School shootings have become a tragic reality for students, teachers, and communities across the United States. As the public rallies in favor of stronger gun control measures, there have been a number of questionable rules put in place by schools to curb violence. While these rules are certainly well-intentioned, it's not exactly clear how effective such measures would be against an armed gunman, whether he had a basic handgun or an assault rifle. But one thing is certain: some of the efforts to stop school shootings are controversial, to say the least.
The controversial rules and methods schools use to try to prevent shootings illustrate both the stranglehold guns have on the country and the tragic vulnerability of American classrooms. As the citizenry urges the government to act in a meaningful way on the gun issue, schools are left scrambling to find potential solutions that might work in the meantime. Some solutions, as you will see, make more sense than others.
Supplying Students With Rocks
Schools are reaching a point of desperation and because of this are attempting to do whatever possible to give students and teachers some defense against guns. To this end, one school district in Pennsylvania has decided to arm classrooms — with rocks. "Every classroom has been equipped with a five-gallon bucket of river stone," Dr. David Helsel, superintendent of the Blue Mountain School District, told a local news station. "If an armed intruder attempts to gain entrance into any of our classrooms, they will face a classroom full of students armed with rocks and they will be stoned." Most experts agree that such an approach should only be used as a last resort in an active shooter situation. But Helsel thinks rocks are at least worth a shot against semiautomatic weapons. "They're the right size for hands, you can throw them very hard, and they will create or cause pain, which can distract," he said.
Running Mass Shooting Drills
Mass shooting drills are becoming as common as fire drills in American classrooms. These drills are a response to the Department of Homeland Security's advice for school shootings: "Run, hide fight." The DHS urges those in active shooter situations to find a path out of the building, but, if that is not an option, they suggest hiding "where the active shooter is less likely to find you." But this might not be the most effective approach. "Hiding under your desk is hands-down the wrong thing to do," said former FBI agent Greg Shaffer. "There needs to be a new shift to stress the importance of getting out of the school building."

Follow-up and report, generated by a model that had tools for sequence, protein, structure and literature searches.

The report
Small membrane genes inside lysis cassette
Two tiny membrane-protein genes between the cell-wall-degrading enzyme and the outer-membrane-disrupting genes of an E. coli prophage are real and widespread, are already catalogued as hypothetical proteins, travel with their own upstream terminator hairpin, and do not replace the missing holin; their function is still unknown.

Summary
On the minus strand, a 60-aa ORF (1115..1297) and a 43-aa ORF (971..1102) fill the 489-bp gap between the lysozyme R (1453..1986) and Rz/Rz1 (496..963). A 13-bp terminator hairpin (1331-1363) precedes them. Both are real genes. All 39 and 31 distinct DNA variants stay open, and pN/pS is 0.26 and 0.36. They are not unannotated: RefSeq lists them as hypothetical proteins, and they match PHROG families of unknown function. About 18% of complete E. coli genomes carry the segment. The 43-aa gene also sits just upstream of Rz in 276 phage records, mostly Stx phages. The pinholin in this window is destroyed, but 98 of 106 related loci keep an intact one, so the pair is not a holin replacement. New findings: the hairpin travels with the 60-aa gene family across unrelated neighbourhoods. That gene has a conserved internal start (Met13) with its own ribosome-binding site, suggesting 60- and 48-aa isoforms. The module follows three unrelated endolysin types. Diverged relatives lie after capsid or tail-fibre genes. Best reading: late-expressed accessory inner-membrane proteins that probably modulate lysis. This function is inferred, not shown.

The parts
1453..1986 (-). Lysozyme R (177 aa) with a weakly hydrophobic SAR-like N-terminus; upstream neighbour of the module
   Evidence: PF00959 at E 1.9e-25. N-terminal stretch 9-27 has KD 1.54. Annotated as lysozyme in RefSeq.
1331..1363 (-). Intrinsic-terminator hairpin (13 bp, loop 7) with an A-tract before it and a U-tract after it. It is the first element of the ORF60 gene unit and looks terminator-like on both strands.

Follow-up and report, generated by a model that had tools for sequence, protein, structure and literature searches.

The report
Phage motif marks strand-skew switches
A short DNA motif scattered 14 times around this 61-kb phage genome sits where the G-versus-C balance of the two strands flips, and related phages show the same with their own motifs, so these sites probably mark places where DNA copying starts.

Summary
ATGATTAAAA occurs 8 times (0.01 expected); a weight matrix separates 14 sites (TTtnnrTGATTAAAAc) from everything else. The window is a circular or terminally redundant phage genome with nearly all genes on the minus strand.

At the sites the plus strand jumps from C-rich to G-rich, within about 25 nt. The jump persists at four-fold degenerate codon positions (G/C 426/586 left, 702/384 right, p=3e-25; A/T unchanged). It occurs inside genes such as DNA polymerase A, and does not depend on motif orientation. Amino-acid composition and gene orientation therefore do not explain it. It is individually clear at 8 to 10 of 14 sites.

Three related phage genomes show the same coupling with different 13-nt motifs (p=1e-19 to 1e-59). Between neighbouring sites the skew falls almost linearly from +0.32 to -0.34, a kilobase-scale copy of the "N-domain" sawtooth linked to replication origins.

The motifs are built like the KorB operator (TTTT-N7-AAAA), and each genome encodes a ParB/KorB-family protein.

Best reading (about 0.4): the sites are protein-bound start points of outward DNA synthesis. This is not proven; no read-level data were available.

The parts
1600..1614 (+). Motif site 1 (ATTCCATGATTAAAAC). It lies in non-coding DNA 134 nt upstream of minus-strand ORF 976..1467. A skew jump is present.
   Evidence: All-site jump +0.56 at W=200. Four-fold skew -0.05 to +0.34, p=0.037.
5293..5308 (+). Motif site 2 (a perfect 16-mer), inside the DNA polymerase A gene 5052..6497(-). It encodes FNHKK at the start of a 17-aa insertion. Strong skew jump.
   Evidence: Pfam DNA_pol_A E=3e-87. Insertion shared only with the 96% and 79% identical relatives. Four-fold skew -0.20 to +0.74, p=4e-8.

Arming Teachers With Guns
Since the Parkland shooting in February of 2018, there has been a major effort to try to arm teachers with guns. Florida is making the first statewide push to have this be a norm in American classrooms, a move supported by the current presidential administration. Teachers would be trained in how to use firearms, and they would receive a miniscule financial bonus as a result of arming their classrooms to the teeth. Trump is, not surprisingly, sold on the idea:
This would only obviously be for people who are very adept at handling a gun. It’s called concealed carry, where a teacher would have a concealed gun on them. They’d go for special training and they would be there and you would no longer have a gun-free zone. Gun-free zone to a maniac, because they’re all cowards, a gun-free zone is: "Let’s go in and let’s attack, because bullets aren’t coming back at us."
Installing Realtime Cameras In Classrooms
Some schools are choosing to use technology to try to handle the threat of shootings. They install cameras in classrooms that send data in real time to local police departments. This option, however, is only effective at addressing shootings when they happen. It's not necessarily a deterrent or a method of prevention.
Still, there are benefits to cameras in classrooms. "It's an incredible advantage to the officers responding to help provide intel and information to get kids out of harm's way, faculty out of harm's way and, as well, identify the location of the active shooter," said Mark Heckel of Macomb County, Michigan, where realtime camera systems are being implemented.